We woke up to heavy rain on the morning of the 14th. We packed all our stuff up and got ready to leave. We tried to check out a couple of times, but no one was at the desk. Finally someone showed up, we called a Taxi and headed to the train station. The taxi was because it was still pouring outside. It rained all day long. Rain rain rain. It let up just enough that we were able to walk to our hotel in La Spezia though. The room was tiny and Robyn's bed unfolded out of a little wooden box. It kind of reminded me of Harry Potter's little room under the stairs (before he moved to Hogwarts) for some reason. We went searching for internet since we hadn't been able to get online for a few days now. We were really hoping to find some place that had free internet, but after getting groceries and a couple of kebabs Robyn and I broke down and went to a €3/hour place. We ended up booking our next hotel in Pula, Croatia which was nice to have done and out of the way. Later on Chuck and I headed back out together for some cheap gelato.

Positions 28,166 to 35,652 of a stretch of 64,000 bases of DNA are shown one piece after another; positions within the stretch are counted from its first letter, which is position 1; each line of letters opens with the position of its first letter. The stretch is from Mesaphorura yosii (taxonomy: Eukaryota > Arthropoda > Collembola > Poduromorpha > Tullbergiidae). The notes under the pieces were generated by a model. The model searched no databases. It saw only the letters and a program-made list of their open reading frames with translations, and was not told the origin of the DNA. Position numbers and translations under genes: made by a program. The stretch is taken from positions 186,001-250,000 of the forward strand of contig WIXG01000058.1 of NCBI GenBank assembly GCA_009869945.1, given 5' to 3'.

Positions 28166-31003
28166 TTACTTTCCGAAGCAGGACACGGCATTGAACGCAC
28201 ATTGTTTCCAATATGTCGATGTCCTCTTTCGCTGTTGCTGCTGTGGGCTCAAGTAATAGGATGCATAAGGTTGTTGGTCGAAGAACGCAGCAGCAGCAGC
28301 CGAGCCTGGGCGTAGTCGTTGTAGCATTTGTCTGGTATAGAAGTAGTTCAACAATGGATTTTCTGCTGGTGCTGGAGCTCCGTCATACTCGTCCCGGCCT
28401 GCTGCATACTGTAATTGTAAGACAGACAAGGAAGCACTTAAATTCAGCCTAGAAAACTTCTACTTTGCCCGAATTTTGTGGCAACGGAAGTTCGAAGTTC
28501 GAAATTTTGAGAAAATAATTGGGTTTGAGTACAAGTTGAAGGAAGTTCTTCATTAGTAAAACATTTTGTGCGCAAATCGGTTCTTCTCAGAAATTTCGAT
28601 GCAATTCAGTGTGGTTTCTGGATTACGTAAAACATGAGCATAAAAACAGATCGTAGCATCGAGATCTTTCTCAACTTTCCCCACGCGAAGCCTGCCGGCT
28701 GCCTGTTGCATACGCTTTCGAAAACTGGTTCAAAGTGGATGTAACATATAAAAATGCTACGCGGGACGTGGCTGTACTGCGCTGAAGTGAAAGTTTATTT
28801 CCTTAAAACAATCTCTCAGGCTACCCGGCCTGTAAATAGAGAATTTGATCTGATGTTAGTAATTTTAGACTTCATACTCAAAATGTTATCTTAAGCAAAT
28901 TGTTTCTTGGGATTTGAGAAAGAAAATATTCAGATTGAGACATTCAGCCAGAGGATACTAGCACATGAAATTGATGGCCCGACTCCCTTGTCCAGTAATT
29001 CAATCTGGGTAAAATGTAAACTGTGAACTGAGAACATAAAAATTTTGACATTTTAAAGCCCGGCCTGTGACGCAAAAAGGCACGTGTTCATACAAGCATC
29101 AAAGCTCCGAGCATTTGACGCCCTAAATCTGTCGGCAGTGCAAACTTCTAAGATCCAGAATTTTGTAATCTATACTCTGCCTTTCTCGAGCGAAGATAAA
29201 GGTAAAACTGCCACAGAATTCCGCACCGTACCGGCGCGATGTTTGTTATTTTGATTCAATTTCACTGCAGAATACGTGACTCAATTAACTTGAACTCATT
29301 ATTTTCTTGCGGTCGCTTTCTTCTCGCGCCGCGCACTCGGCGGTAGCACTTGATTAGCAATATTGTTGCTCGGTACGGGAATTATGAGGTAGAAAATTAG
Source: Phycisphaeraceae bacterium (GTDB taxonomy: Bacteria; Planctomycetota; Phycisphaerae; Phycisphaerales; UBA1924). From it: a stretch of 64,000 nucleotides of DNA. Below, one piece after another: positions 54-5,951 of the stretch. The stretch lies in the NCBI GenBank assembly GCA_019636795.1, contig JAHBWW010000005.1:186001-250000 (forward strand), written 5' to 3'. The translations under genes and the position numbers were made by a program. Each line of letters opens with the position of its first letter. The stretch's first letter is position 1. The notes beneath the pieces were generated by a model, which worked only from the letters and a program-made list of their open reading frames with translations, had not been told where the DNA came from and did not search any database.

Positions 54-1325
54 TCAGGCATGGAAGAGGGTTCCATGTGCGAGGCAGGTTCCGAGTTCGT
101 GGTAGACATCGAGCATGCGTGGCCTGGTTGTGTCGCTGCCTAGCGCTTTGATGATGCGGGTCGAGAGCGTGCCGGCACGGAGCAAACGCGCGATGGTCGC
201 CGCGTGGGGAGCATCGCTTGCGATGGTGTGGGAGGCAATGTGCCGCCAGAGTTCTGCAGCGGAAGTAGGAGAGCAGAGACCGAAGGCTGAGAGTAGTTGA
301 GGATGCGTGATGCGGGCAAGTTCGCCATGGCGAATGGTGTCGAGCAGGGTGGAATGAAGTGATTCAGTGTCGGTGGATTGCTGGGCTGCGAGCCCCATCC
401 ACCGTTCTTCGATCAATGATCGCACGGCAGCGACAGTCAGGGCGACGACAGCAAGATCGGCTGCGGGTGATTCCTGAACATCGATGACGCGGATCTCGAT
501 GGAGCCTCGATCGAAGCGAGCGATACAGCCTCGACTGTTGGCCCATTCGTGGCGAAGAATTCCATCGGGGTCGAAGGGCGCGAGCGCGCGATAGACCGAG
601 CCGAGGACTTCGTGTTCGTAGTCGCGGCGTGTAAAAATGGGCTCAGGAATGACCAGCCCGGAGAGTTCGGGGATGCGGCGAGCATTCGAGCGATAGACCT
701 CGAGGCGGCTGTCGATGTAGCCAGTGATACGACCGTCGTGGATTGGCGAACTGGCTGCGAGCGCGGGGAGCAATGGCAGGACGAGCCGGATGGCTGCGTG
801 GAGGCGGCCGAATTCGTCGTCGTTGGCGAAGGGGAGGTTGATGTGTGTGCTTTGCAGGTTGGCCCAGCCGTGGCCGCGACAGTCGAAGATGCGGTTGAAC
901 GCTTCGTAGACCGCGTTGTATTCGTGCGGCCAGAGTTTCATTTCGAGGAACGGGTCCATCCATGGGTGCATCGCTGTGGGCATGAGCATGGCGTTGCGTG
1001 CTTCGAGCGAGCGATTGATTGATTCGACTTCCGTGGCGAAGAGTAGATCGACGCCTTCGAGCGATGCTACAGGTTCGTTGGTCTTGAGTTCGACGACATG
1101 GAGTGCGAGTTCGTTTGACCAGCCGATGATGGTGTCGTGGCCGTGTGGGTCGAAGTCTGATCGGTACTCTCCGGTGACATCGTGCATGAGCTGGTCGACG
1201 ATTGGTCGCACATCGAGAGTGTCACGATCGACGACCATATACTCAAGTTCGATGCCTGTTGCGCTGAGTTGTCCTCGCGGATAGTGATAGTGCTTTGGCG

It was raining again the next morning - the 15th. Thankfully, it let up and we felt confident in going to Riomaggiore to walk the Cinque Terre National Park trail. It's a hiking trail that runs along the coast and passes through five little towns, all tucked away into the cliffs along the north-west coast of Italy. It's so beautiful that it's been made into a national park and has a fair amount of tourists that visit. I heard quite a few Australian accents on the trail, so apparently the Aussies like it. It was a gorgeous hike! The waters were a beautiful aqua green-blue and the cliffs, although they didn't quite dive into the sea, they sort of swooped instead. The landscape was covered in aloe plants (the ones along the trail were completely covered with peoples names that had been carved into the the juicy aloe flesh), cacti covered in bright pink and red prickly pears, and all sorts of other scrubby shrubs. There were also a lot of lime trees and vineyards full of grapes that looked to be turning into raisins. Either their owners were just being lazy and negligent, or they were actually making raisins. Robyn said she though she heard that they make raisin wine around there, so maybe that was it. We stopped for lunch in the fourth city on our route: Vernazza. We ate at a pizzeria and happened to be sitting next to a nice Australian family. The father was very talkative and told us all about where to go in Australia and how to get there, etc. One of the daughters was up and down out of her chair trying to avoid a little bee that was flying around their table. She kept saying "I don't like beeeeeees!" Her Mom finally told her she was free to take her lunch somewhere else and eat if she'd like. She said "He won't bite you," to which Chuck added "He'll just sting." They were a nice family! Some of the hike was pretty tiring. There were parts that seemed to have stairs that just went on forever and was constantly uphill. Most of the trail was easy enough though. So all in all, a great hike!